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German Cases: A Complete Guide

To many, German cases sound confusing and terrifying. They’re what people first tell you about when they try to scare you away from learning the language. But there is no reason to be put off by them! While many German speakers find cases scary, there are ways to tackle them and even eventually master them.

In this post, we will go over some of the basic German cases principles. By the end of it, you should be able to understand what cases are, what their use is, and how to recognize which case you need when.

What Are German Cases?

One of the reasons German cases might seem intimidating is that many people aren’t clear on what exactly cases are. If you are a new learner and an English speaker, the concept of cases might be foreign to you. So, let’s break it down.

A case (Kasus/Fall) is a grammatical category that tells you the function of a noun phrase in the clause. Now, that may sound complicated, but it’s actually pretty simple.

Basically, German cases tell you what role a noun (or a pronoun) plays in a sentence – they tell you if it’s a subject, direct object, or indirect object.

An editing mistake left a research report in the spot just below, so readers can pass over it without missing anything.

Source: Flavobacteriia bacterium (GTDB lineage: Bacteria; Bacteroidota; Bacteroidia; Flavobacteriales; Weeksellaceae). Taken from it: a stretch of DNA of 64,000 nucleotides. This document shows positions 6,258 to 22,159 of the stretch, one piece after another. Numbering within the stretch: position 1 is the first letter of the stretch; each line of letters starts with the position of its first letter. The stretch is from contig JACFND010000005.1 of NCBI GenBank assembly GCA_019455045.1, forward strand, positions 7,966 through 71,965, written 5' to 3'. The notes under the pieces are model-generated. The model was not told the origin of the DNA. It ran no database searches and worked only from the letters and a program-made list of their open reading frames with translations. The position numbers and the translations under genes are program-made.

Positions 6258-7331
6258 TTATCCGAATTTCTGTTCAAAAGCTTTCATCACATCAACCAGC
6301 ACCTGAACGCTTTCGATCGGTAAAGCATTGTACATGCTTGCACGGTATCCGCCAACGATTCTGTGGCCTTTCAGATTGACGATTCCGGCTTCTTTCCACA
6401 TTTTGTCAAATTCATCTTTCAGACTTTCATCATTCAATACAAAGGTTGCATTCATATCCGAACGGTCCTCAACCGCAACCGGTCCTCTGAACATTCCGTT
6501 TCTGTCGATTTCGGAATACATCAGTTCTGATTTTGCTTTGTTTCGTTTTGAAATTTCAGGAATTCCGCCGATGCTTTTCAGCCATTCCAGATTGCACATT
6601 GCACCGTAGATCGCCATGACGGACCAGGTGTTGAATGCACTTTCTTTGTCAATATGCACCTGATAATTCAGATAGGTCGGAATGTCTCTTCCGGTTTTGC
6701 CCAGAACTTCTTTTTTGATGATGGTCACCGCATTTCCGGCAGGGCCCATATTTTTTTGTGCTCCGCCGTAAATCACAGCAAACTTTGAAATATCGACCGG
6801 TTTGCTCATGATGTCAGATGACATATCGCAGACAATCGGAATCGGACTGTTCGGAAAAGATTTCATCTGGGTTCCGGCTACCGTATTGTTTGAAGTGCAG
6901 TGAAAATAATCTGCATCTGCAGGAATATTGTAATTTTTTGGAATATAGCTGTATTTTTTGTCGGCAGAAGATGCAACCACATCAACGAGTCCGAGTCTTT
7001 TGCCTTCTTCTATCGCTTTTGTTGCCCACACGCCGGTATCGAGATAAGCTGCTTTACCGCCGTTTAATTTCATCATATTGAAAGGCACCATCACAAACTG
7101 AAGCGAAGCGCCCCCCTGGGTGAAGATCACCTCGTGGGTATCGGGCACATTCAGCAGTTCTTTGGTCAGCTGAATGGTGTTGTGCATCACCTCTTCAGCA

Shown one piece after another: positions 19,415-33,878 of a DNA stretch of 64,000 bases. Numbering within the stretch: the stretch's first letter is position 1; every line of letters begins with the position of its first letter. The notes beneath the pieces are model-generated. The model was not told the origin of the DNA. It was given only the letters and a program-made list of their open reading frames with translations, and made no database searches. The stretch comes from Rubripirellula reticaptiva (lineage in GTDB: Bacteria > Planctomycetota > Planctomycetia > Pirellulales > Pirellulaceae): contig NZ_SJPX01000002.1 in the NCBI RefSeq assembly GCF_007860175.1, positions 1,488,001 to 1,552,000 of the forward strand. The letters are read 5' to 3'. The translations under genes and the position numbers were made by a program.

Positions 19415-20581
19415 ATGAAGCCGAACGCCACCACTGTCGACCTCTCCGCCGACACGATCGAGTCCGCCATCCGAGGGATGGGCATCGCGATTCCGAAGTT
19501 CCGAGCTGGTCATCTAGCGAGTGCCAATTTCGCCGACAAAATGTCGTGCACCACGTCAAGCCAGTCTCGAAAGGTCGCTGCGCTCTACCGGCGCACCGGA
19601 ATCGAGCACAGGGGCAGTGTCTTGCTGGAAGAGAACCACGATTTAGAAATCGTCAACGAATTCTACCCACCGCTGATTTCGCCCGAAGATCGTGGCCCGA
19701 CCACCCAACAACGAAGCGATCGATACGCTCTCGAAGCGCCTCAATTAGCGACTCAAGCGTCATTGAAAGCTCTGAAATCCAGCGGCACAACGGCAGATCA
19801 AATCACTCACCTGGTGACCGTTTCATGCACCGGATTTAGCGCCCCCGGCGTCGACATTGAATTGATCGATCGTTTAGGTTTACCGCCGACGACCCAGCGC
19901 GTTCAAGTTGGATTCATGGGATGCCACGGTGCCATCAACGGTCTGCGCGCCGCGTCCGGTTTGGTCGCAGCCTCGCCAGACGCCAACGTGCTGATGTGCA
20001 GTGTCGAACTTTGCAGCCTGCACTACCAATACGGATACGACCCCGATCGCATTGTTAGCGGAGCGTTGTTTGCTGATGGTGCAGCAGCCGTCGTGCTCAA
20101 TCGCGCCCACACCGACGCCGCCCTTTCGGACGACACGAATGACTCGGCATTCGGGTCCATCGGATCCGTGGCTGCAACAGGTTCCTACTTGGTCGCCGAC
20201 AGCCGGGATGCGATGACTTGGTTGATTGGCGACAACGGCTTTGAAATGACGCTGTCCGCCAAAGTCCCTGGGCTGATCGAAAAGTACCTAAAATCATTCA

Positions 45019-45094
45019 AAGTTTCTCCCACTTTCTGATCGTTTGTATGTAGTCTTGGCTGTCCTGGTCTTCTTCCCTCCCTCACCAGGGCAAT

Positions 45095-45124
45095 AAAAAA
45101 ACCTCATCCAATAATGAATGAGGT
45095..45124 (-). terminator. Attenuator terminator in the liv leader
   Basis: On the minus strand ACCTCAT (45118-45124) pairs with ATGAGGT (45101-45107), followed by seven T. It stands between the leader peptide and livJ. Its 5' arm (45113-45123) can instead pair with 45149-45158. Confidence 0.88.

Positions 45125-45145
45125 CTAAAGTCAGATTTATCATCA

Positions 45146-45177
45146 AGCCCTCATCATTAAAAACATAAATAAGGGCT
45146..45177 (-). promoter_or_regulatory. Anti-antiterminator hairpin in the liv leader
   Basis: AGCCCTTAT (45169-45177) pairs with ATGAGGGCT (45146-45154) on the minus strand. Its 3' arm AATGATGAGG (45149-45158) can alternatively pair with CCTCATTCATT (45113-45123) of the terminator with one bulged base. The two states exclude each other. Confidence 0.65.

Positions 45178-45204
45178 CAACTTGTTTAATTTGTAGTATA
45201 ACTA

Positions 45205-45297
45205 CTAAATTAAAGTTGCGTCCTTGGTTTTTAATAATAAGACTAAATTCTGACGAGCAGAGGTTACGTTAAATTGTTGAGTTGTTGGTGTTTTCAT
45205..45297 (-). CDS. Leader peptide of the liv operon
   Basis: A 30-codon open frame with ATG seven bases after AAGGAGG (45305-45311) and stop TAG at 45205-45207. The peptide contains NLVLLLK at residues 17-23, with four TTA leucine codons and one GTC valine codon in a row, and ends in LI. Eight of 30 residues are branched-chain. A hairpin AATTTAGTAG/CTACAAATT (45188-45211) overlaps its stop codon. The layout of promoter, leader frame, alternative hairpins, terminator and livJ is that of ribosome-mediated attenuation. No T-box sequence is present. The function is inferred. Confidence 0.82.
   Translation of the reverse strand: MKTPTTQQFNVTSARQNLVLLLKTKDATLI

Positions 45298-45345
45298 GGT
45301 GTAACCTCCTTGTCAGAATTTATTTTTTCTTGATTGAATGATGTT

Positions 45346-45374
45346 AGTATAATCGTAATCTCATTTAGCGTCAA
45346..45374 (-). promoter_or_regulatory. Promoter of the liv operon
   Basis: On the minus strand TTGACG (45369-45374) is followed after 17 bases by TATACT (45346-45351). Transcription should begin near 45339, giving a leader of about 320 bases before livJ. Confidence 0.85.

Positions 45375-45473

Note: Throughout this post, we will be using the word declension (or to decline). This means changing the form of a word, for example, to express the case of the word.

How Many German Cases Are There?

German has 4 cases in total. This may seem like a lot to you, but trust me: there are languages with far more cases than that. Czech has 7. Hungarian has 18. The German four really aren’t the end of the world.

What Are the German Cases?

The four German cases are as follows:

  1. Nominative (Nominativ) – the subject
  2. Genitive (Genitiv) – possession
  3. Dative (Dativ) – the indirect object
  4. Accusative (Akkusativ) – the direct object

Depending on which textbook you use, you may find these four in a slightly different order. Often, English teachers prefer to order the cases as follows: Nominative, Accusative, Dative, Genitive.